- The Washington Times - Tuesday, December 15, 2009

If it were just up to the House of Representatives, Barack Obama already would rank as one of the most transformative presidents of the past half-century.

With the 223-202 vote Friday to approve a major overhaul of the government financial regulatory machinery, the House has passed what arguably are the three most ambitious to-do items of Mr. Obama’s domestic reform list - health care, energy and, now, banking — just 11 months after Mr. Obama took office.

The Senate, by contrast, is still struggling toward a final vote on a health care bill, with the fights on financial reform and a global warming bill put off until sometime next year.

The discrepancy comes despite the fact that the Republican minority in the House — 177 seats out of a total of 435 — is, in percentage terms, almost exactly the same size as the Republican Party’s 40-seat minority in Senate: 40.6 percent.

“As is often the case, we are waiting on the other body to act,” House Majority Leader Steny H. Hoyer, Maryland Democrat, said Friday on the House floor when questioned by Republicans about the chamber’s holiday work schedule.

The House’s daily schedule in recent weeks often has consisted entirely of the equivalent of parliamentary thumb-twiddling, approving resolutions honoring local Little League teams and renaming post offices while waiting for the Senate to act.

It’s a dynamic, said Deputy Historian of the House Fred W. Beuttler, that’s been going on “for generations.”

“Just in the nature of the two institutions, the House tends to get its work done faster, and you’re seeing that very specifically in what has played out so far this year,” he said. “The essence of the Senate is the filibuster, while the essence of the House is the Rules Committee, which controls the debate and is entirely an arm of the majority and the speaker.”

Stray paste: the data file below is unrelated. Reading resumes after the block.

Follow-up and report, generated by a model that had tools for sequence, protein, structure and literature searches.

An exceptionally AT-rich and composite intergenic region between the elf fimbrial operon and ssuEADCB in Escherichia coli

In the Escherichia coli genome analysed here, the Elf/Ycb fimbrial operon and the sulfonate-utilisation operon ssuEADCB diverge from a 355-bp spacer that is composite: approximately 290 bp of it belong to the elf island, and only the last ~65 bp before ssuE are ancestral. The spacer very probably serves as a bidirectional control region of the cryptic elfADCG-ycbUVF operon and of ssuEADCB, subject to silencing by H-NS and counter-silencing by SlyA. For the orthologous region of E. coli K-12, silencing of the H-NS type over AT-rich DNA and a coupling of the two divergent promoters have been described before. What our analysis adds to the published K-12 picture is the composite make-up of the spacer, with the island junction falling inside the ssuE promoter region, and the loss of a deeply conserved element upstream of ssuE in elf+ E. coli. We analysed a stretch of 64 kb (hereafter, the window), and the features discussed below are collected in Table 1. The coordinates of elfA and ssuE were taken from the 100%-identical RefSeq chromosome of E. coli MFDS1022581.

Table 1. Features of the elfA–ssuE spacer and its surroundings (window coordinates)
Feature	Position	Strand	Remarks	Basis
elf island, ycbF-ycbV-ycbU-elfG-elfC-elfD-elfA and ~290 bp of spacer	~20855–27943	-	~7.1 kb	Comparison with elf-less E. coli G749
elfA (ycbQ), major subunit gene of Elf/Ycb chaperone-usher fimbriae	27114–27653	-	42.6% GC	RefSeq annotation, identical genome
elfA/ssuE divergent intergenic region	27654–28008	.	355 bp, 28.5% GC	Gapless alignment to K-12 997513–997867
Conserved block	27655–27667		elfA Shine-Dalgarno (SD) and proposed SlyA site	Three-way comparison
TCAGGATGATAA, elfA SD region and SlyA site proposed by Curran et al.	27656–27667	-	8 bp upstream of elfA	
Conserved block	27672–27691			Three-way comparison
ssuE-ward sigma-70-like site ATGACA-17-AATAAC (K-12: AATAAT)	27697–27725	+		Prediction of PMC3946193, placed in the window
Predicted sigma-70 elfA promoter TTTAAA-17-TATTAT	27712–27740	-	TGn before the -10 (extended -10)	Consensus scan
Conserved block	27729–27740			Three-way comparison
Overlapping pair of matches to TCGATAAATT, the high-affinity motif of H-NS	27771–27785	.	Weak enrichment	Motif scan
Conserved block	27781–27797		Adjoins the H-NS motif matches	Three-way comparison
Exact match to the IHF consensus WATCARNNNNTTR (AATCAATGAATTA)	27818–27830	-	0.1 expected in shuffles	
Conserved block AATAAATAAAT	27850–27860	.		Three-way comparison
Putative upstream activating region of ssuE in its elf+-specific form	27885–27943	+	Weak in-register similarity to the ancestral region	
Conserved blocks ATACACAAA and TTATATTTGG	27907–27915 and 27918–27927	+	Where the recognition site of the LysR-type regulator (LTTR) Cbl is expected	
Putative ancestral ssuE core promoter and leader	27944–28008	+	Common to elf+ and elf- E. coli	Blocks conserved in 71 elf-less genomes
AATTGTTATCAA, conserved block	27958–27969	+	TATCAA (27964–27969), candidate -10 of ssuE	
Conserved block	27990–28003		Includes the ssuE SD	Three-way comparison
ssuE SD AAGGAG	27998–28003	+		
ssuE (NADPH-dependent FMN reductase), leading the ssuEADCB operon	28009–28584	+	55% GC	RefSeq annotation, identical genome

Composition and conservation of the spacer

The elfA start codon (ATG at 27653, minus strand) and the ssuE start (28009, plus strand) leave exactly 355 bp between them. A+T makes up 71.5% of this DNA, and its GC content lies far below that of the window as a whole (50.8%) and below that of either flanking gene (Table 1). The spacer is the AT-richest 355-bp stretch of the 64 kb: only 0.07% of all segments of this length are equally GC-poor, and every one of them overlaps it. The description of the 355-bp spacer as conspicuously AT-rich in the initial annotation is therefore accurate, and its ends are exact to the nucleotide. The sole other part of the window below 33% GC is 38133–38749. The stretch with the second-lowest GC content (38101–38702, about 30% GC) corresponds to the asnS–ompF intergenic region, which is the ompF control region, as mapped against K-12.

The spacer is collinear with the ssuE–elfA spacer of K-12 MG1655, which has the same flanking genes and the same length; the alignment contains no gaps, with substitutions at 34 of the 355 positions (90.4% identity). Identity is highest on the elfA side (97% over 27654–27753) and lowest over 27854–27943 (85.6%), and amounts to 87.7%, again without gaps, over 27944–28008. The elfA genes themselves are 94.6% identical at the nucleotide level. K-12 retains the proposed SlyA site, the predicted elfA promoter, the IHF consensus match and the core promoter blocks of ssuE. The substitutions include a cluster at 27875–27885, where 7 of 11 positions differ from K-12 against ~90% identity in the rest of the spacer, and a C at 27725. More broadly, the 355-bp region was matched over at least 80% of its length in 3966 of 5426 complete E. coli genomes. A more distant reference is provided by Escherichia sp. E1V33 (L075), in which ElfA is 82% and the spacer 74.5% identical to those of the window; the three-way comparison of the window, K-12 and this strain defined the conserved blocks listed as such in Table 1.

Even beyond the big-ticket items, the House has proved unusually nimble compared to its smaller counterpart.

House Democratic leaders, for instance, were able to pass 12 of the 13 annual appropriations spending bills by midsummer. But because the Senate was unable to match that pace, Congress was forced to pass two stopgap continuing resolutions since Oct. 1 to keep Cabinet agencies and departments in business. The stalled bills finally were wrapped up in a $1.1 trillion “omnibus” spending measure approved by the Senate on Sunday.

The 13th and final appropriations bill — for the Defense Department and related programs — is ready for a House vote this week, while the Senate bill managers are still struggling to clear it for the floor.

“I want to go home for Christmas,” Senate Appropriations Committee Chairman Daniel K. Inouye, Hawaii Democrat, told the Hill newspaper.

The reason for the sharp disparity in productivity is no secret: Senate rules, by design, give the minority, as well as unhappy members of the majority, far more scope to slow down the legislative calendar.

On financial regulatory reform, for instance, House Speaker Nancy Pelosi was able to set the terms of the debate, control which amendments could be offered on the floor, wrap up the debate and hold a vote in the space of two days. Senate Majority Leader Harry Reid, her Democratic counterpart across the Capitol, has far less power to set deadlines and force votes.

With Senate Republicans often voting in lockstep opposition, Mr. Reid cannot afford to lose a single member of his caucus of 58 Democrats and two independents to break filibusters or move items such as health care or climate change through the pipeline.